17th July 2018
Ghana’s status as a new oil producer raises questions about the developmental effects of resources, and the role of political institutions in these processes. The conundrum this paper addresses is the rather limited impact of oil exploitation in Ghana, despite the country’s strong democratic record and internationally acclaimed oil governance legislation. The reasons for this lie in the nature of elite-based political coalitions, and we root our analysis of Ghana’s hydrocarbons in the political settlements literature, which moves us beyond the ‘good governance’ approaches so often linked to ‘resource curse’ thinking. We also move beyond the instrumentalism of political settlements theory to examine the role political ideas play in shaping resource governance. We argue that inter-coalitional rivalry has generally undermined the benefits of Ghana’s oil, but that a crude interests-based interpretation is insufficient to explain differences between these coalitions.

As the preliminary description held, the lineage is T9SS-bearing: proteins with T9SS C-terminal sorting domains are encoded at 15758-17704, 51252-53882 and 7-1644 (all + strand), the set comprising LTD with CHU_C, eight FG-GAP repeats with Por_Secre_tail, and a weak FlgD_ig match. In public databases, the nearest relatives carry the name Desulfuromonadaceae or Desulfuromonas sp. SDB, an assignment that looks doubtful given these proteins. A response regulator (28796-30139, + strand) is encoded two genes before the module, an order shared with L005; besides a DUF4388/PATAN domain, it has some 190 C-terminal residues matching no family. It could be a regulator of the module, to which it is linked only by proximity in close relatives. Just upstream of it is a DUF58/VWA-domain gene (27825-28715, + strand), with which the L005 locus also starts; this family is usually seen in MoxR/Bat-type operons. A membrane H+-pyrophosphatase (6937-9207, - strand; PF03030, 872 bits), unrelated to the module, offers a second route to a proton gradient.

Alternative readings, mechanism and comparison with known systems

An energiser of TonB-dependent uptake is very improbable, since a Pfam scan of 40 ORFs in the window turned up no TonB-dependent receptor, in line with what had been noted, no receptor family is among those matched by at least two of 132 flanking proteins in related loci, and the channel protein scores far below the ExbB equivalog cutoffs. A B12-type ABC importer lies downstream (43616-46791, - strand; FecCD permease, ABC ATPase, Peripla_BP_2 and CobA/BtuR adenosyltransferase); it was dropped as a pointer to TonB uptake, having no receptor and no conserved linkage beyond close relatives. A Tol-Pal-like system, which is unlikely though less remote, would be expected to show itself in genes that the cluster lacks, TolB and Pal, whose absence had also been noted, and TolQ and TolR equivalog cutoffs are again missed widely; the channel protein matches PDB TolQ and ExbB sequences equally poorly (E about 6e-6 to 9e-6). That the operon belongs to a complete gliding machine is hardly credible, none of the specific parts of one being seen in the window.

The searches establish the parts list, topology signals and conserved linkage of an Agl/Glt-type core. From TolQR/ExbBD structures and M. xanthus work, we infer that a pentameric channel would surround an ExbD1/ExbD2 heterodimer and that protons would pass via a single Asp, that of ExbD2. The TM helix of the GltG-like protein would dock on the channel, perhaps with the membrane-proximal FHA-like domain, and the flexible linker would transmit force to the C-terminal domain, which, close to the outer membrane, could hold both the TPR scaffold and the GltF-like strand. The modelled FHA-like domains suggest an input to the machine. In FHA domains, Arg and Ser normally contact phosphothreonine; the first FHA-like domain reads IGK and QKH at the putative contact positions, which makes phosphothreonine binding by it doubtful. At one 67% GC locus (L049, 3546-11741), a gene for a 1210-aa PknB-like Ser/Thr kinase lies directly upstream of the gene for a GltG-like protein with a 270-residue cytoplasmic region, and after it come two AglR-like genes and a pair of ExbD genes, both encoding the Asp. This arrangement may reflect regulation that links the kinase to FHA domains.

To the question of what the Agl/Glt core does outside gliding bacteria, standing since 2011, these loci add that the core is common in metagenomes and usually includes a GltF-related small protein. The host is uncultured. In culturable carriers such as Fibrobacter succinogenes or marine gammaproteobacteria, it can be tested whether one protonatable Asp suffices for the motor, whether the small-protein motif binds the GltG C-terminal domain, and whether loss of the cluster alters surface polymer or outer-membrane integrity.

Workers at Kigogole oil field, drilling site of Tullow Oil.
Read more research on the politics of oil in Ghana and Ugandan here.